The last five years the management of the Bank of England unanimously to keep interest rates at a record low. But this week, there were some differences that prompt investors when it is waiting for its improvement.
BOE Meeting Minutes from the 7th of August, which will be released on Wednesday, at 9:30 am London time, or 4:30 am ET, will help to understand why the Committee on monetary policy decided to keep its benchmark interest rate at around 0.5%. This rate was reduced in March 2009, and was supposed to facilitate the entry of the British economy out of recession.
After years of consensus committee on the issue of interest rates, these reports show that more aggressively minded members start talking about long-term risk inherent in holding rates low, says Craig Erlam, market analyst at Alpari UK.
When Mark Carney became the head of the Bank of England in July 2013, he argued that the Bank does not intend to raise rates as long as the unemployment rate falls below 7% – that can take about 3 years.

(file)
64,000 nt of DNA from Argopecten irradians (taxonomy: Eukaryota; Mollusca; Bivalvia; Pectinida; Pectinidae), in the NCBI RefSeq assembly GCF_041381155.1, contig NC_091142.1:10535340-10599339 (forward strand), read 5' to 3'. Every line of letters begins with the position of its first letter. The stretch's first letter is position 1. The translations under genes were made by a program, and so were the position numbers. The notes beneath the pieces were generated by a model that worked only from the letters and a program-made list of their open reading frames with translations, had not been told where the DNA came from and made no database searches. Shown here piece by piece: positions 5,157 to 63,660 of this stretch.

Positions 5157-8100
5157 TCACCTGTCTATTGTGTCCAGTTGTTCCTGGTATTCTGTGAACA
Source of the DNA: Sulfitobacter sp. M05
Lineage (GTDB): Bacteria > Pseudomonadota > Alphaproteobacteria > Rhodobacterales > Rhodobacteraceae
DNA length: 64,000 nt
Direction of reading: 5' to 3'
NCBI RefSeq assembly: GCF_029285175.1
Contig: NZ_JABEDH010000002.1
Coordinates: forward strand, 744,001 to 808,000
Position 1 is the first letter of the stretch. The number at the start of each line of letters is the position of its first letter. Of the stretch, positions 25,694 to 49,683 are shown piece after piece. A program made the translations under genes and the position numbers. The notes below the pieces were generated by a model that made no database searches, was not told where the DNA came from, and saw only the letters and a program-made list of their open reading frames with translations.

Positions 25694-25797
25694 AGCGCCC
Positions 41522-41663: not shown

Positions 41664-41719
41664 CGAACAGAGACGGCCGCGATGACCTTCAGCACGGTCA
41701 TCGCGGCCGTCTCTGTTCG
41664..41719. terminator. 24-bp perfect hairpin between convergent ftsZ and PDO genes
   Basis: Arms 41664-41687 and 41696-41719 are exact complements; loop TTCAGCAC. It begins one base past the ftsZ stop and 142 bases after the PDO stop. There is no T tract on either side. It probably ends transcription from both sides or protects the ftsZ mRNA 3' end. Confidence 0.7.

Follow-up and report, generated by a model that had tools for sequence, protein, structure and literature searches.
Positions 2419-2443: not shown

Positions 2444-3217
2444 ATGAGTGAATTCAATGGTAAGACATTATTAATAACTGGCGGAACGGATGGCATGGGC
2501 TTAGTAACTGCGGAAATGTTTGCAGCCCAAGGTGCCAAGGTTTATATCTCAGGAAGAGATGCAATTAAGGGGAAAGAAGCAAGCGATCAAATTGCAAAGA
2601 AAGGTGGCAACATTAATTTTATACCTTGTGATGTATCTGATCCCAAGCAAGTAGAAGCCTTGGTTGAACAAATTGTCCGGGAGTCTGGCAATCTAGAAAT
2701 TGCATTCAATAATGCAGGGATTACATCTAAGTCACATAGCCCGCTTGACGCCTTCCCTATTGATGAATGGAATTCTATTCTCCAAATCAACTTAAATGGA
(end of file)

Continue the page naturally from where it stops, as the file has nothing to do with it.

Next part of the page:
In April, the unemployment rate reached 6.9%, and in June was 6.4%, at least 6 years.
At the same time, the recovery of the UK economy has put it in line with the fastest growing developed countries in the world. In the second quarter, GDP grew by 3.2% year on year, and the economy has returned to its pre-crisis peak, which was celebrated in 2008.
It is likely that at least one member of the committee sees that “the reduction of unemployment is not – a reason to vote for a rise in interest rates …., And the economic recovery has reached today, as some believe,” off speed “- said the chief economist at Investec Phillip Shaw.
“Take-off speed” means the level at which the economic recovery becomes self-sustaining, and in January, Carney called leadership of the central bank to do everything possible to bring the economy to this level.
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